- A 21-year-old woman from Uri, Jammu & Kashmir, underwent a knife at Pune’s MA Rangoonwala College of Dental Sciences.
- The woman had a tumour in her jaw bone, owing to which, her face also changed considerably.
- Doctors say that the woman was suffering from a rare form oral tumour called Osteochondroma. In medical terms, it is the overgrowth of cartilage and bone that happens at the end of the bone near the growth plate.
- Most often, it affects the long bones in the leg, the pelvis, or the shoulder blade.
After almost four years of suffering from a rare form of an oral tumour called Osteochondroma, the 21-year-old Yasmin Shaikh’s got her normal face back. Doctors from Pune’s MA Rangoonwala College of Dental Sciences performed a surgery on her on July 9 and successfully managed to remove a tumour.
Yasmin, a young bakery worker from Uri sector in J&K, has been living with an oral tumour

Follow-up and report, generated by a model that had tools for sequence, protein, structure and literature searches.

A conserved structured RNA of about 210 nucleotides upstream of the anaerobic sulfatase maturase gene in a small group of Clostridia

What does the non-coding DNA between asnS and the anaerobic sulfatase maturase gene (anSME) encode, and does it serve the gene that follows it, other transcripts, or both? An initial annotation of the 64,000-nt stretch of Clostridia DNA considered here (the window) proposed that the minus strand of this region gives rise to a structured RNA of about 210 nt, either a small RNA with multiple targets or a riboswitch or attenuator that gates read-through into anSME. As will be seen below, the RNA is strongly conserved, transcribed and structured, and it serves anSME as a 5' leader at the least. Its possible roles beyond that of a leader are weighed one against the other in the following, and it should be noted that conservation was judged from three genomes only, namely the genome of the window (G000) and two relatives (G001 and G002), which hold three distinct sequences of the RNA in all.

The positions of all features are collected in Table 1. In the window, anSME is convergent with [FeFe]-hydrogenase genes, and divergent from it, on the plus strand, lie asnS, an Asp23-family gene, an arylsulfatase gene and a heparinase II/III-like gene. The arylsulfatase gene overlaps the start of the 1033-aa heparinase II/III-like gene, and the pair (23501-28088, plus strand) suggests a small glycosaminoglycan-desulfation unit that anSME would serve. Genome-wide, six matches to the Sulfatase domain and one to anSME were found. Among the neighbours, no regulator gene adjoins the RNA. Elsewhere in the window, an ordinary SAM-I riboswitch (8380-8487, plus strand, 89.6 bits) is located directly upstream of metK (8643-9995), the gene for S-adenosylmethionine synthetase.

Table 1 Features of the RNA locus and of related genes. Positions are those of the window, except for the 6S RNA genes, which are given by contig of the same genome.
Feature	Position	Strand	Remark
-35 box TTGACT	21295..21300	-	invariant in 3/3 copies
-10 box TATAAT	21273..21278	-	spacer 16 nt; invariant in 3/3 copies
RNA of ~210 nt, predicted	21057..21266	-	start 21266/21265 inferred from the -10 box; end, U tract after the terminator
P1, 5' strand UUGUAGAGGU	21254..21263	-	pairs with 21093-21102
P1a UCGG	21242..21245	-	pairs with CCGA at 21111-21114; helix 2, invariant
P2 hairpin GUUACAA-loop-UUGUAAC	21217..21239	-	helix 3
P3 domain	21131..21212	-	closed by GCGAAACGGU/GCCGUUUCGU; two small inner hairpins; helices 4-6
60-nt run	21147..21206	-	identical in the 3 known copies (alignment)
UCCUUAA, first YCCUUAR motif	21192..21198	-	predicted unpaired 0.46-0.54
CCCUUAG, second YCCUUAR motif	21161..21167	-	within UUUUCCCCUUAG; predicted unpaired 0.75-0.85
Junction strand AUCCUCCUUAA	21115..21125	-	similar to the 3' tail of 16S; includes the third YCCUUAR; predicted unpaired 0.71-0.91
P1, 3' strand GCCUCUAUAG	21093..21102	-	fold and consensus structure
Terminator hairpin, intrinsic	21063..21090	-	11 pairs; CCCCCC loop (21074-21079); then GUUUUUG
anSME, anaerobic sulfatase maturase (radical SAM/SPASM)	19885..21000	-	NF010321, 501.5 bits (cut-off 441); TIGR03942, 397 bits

for the past four years. She consulted a number of doctors in Jammu and Kashmir, but, her ordeal and stigma did not end, as her efforts to get treatment went in vain.
Finally, with the help of a Pune-based NGO, Aseem Foundation, Yasmin came to Pune hoping to get better treatment.
While speaking to My Medical Mantra, Dr JB Garde, an Oral and Microfacial surgeon attached to MA Rangoonwala College of Dental Sciences, said, “Yasmin was suffering from a rare form of an oral tumour
. Due to which, her face had also changed considerably. We had to give a cut from the ear to the throat and remove a tumour
. Thankfully, the tumour
was not cancerous. We removed it through surgery. We then performed a cosmetic surgery to give her normal face back.”
Dr Garde further added, “This type of a tumour
is very rare. In ten lakh cases, we find one case like this. The surgery was complex and went on for six hours. The surgery was done completely free of cost, and after her dental treatment, we will discharge her.”
Meanwhile, Dr Mahesh Mali, a dental surgeon from Mumbai said, “Osteochondroma is a very rare form of an oral tumour
. In India, the cases of Osteochondroma are less than 10 percent. This type of a tumour
is not life-threatening. However, if not treated, the tumour
grows and can pose difficulties for a person while chewing.”